Like so many specialties, New York City offers a huge range of private tutors and tutoring services. How do you find the best fit for your child?
Tutoring company or private tutor?
Finding a tutor through a tutoring company has some big advantages. Companies research their applicants' credentials, check their references, and often give them training. (Tutor training is especially useful for specific tests like the SAT). Tutoring companies also give you more options if your child doesn't click with a particular tutor. However, if your child needs tutoring in a very specific area (like engineering or Latin), a tutoring company may have noone available. The other disadvantage is cost. Since most companies keep as much as 50 percent of the hourly rate they charge, private tutors may charge significantly less for exactly the same service. Some excellent tutors only work privately because the hourly pay is better.
Where do you find the right tutor?
Even if you're using a tutoring company, you should still focus on the individual tutor your child will be working with. Call and ask companies to describe the tutors who are available in the subject and age group that your child needs; you can even ask for tutors' resumes. You may have to call two or three companies before you find a tutor who sounds like a good fit for your child. Alternatively, you can find a private tutor by asking for recommendations from friends or by looking on sites like craigslist.org and nymetroparents.com. Just use your best judgment and ask smart questions about the tutor's references, qualifications, and approach.
The two most important qualifications for a tutor are subject knowledge and teaching experience. The ideal tutor has majored in the subject in college, or is a reading or education specialist if your child needs help with basic skills. (Ph.D.s are usually not necessary, especially if your child is under 16). The tutor should also have teaching experience in the appropriate age group, because teenagers need a different teaching style than kindergartners. Look for teacher certification, an education or Master's degree, classroom teaching experience, and tutoring experience. Feel free to ask for references, too.
Of course, a tutor's chemistry with your child is critical. It's often a good idea to set up a trial session to make sure your child clicks with the tutor before you commit to a regular schedule. Trust your child's judgment as well as your own. Teenagers may respond better to someone who is young rather than parental. Some kids also may prefer someone of their own gender. At the same time, you are looking for a tutor, not a buddy. Discuss good goals with the tutor and your child to help establish accountability.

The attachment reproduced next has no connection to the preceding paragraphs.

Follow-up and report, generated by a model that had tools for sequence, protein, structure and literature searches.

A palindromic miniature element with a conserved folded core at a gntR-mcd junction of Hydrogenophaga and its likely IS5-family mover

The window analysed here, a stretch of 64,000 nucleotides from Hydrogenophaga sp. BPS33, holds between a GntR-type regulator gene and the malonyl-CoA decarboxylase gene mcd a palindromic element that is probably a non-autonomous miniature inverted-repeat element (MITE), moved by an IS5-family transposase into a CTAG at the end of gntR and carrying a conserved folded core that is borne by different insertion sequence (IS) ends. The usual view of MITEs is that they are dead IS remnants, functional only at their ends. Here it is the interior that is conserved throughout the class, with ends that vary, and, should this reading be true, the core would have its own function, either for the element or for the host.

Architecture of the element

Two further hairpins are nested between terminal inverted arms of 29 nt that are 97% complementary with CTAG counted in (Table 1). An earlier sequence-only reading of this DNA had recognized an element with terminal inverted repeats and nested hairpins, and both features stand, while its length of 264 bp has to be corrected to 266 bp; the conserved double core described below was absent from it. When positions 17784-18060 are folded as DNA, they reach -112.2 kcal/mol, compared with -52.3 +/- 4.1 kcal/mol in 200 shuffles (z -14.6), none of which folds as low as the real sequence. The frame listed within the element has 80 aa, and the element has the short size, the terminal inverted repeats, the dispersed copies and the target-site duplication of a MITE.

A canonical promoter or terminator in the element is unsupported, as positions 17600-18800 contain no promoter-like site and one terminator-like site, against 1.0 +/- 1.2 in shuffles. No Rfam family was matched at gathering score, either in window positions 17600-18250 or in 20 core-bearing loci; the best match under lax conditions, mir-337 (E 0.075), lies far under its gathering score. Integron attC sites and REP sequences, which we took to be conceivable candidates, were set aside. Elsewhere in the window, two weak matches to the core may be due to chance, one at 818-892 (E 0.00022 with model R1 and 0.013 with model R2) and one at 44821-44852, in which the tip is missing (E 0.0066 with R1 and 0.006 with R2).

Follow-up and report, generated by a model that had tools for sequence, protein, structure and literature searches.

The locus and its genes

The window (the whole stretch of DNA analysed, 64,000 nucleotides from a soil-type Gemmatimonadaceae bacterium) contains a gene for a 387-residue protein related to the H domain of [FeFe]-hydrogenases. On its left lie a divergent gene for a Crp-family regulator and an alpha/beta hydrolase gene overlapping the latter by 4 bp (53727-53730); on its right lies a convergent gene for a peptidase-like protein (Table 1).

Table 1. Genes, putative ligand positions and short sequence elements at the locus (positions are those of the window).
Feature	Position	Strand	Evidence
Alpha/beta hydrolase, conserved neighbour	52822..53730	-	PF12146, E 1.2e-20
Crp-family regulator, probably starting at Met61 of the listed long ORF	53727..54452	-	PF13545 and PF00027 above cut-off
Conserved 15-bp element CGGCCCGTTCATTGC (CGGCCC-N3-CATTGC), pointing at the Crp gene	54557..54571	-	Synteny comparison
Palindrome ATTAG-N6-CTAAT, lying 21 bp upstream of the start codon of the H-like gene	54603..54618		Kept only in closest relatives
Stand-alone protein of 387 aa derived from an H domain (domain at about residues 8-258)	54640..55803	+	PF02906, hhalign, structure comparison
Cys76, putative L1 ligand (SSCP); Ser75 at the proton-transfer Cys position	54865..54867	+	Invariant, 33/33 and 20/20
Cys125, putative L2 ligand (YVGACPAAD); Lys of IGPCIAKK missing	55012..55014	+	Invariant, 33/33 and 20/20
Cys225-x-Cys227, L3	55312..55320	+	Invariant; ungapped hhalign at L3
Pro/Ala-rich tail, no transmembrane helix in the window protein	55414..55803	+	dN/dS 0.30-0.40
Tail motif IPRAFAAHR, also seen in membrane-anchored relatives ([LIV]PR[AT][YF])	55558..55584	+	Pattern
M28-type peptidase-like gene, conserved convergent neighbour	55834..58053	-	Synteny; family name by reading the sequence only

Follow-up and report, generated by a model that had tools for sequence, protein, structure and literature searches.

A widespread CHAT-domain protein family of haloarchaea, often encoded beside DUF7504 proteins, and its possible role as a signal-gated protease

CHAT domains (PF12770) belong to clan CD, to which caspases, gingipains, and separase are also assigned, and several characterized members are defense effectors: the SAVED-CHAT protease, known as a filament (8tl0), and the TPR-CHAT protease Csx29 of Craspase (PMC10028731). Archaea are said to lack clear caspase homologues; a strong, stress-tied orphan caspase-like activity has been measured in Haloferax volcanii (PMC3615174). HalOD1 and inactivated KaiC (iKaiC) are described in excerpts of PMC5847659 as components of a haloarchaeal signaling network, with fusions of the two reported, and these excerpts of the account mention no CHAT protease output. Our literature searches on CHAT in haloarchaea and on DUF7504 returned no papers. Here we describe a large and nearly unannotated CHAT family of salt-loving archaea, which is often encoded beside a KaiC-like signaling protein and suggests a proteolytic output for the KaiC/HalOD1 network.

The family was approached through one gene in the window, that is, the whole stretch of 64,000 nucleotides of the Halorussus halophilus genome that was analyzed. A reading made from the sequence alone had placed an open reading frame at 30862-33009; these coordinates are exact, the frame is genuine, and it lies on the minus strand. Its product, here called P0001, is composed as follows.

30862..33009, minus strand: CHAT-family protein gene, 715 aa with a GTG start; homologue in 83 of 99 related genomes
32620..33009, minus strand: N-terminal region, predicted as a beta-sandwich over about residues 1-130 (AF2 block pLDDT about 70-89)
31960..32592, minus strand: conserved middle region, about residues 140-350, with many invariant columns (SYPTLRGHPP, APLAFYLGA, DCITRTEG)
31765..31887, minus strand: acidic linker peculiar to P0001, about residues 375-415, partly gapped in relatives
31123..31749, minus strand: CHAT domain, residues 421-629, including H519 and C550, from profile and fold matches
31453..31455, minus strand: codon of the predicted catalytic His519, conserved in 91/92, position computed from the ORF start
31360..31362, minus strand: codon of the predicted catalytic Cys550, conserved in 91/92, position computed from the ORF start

No tutor can guarantee As, and if you insist on them, the tutor may feel pressured to do too much hand-holding, or even to help do the child's work for them. At the same time, improvement is crucial, because otherwise your child can fall into the trap of relying on the tutor to be a permanent "homework helper" rather than a temporary aid. There are two good ways to ensure accountability from a tutor: One is to ask the tutor to work on "skills and drills" — relevant skills work — for at least half of each session, so your child does not just use the tutor to get homework done. (Completing homework will usually be your child's top priority!) Second, plan a short-term contract with the tutor (say 4 weeks), after which the child has to learn to be independent, and can only call the tutor for very specific skills or test review. That will help the tutor and child to focus on permanent skills, not temporary fixes.
When in doubt, trust your instincts and make a good plan with your child. You can help the tutor by helping your child to set some clear, achievable goals for the future, and by expressing faith in your child to get there.
RACHEL CAREY is an experienced New York City tutor who has worked with companies including The Princeton Review, Inspirica, and Champion Learning Center. She has a B.A. from Yale in English and an M.Ed. from Harvard. She can be reached at [email protected] or at (917) 613-0973.
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